A Different Take on Donations

photo of front window of thrift store
A friend was telling me about a decorative dish her deceased aunt had given her, which she’d never used. She’d come across it in a drawer occasionally, and thought it would be disloyal to her aunt’s memory to let it go. Finally one day, she realized it would better to donate it, knowing that whomever bought it would find a use for it. She underwent a shift in her thinking which allowed her to re-frame the ideas of memory and loyalty; she imagined that her aunt would have been happier knowing it had been put to good use, even if not in her niece’s home.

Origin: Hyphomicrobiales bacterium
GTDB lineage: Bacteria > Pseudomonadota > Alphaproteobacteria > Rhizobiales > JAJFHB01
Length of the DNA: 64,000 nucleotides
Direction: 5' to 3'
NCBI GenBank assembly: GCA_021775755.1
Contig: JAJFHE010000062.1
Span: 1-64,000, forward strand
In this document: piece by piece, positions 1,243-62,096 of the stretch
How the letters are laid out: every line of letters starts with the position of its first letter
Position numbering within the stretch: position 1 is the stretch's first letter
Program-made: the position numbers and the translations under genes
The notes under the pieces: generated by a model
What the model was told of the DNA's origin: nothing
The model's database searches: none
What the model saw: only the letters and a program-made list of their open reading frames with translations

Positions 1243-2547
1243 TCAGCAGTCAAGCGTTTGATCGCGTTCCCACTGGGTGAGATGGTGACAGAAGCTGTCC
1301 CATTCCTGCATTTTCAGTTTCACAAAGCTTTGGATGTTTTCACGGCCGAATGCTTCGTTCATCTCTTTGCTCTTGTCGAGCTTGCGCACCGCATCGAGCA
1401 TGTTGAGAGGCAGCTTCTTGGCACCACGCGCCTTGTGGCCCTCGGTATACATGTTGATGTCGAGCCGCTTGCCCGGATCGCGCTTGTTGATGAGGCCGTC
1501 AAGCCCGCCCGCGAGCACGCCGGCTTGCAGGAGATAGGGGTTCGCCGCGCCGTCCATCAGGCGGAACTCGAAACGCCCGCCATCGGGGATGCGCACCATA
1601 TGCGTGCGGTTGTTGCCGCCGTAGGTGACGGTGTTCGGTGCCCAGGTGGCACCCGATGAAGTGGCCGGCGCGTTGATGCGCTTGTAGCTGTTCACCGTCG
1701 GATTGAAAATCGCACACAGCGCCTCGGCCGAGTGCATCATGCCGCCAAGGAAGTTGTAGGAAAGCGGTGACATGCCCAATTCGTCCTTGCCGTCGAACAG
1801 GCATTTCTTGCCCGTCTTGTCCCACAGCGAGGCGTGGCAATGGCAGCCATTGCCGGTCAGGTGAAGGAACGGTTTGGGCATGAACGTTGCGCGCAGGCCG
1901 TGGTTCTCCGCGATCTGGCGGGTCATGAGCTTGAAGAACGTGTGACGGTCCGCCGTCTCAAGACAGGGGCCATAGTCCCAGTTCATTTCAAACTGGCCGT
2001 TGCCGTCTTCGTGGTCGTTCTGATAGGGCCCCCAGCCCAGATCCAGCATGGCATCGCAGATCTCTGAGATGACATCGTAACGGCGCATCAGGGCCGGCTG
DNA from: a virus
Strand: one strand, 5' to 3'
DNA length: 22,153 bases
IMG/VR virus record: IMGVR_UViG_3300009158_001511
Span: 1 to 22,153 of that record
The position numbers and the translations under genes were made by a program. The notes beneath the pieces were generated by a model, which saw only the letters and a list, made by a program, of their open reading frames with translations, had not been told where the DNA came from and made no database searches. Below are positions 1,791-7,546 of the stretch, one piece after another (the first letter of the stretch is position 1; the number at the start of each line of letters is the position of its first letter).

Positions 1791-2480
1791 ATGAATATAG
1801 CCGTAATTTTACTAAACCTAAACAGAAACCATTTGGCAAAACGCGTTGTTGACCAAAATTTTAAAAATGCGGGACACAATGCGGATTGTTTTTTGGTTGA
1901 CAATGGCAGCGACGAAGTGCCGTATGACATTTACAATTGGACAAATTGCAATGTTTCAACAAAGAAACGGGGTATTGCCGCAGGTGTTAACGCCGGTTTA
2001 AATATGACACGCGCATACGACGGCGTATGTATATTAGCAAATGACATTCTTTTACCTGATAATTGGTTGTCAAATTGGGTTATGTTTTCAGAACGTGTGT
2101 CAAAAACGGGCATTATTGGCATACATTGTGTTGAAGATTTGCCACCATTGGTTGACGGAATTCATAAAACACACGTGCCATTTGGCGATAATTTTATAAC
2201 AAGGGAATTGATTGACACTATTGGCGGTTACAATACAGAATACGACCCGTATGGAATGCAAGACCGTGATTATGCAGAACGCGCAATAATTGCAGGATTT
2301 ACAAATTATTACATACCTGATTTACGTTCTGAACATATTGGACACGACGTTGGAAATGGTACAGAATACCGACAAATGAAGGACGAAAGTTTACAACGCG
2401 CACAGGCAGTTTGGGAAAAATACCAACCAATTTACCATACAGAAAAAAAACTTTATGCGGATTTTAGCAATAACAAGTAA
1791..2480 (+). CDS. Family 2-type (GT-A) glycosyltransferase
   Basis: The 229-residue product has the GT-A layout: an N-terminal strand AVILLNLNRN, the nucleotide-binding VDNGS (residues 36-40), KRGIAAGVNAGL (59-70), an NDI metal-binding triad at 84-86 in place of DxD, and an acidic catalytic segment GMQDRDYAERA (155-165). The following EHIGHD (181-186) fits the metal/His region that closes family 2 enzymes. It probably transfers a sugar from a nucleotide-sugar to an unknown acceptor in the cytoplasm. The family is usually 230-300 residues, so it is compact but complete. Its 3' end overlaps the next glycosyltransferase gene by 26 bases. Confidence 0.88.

This idea can be a little trickier when you’re not using, or not happy with, a gift you’ve received from someone who’s still living, and whom you know will visit one day! If you’ve let the gift go, and the giver visits, looking for the gift – that could be a difficult admission. I know some will store it until the giver visits, then display it, and re-store it after they’re gone. Each situation/gift has to be determined on its own merit, and there’s obviously no guarantee someone’s feelings won’t get hurt. One way of handling it is, you could tell them it’s a policy of yours to let go of anything you haven’t used in a given period of time – say, six or 12 months. So it’s you, not them, who is at issue, as it were.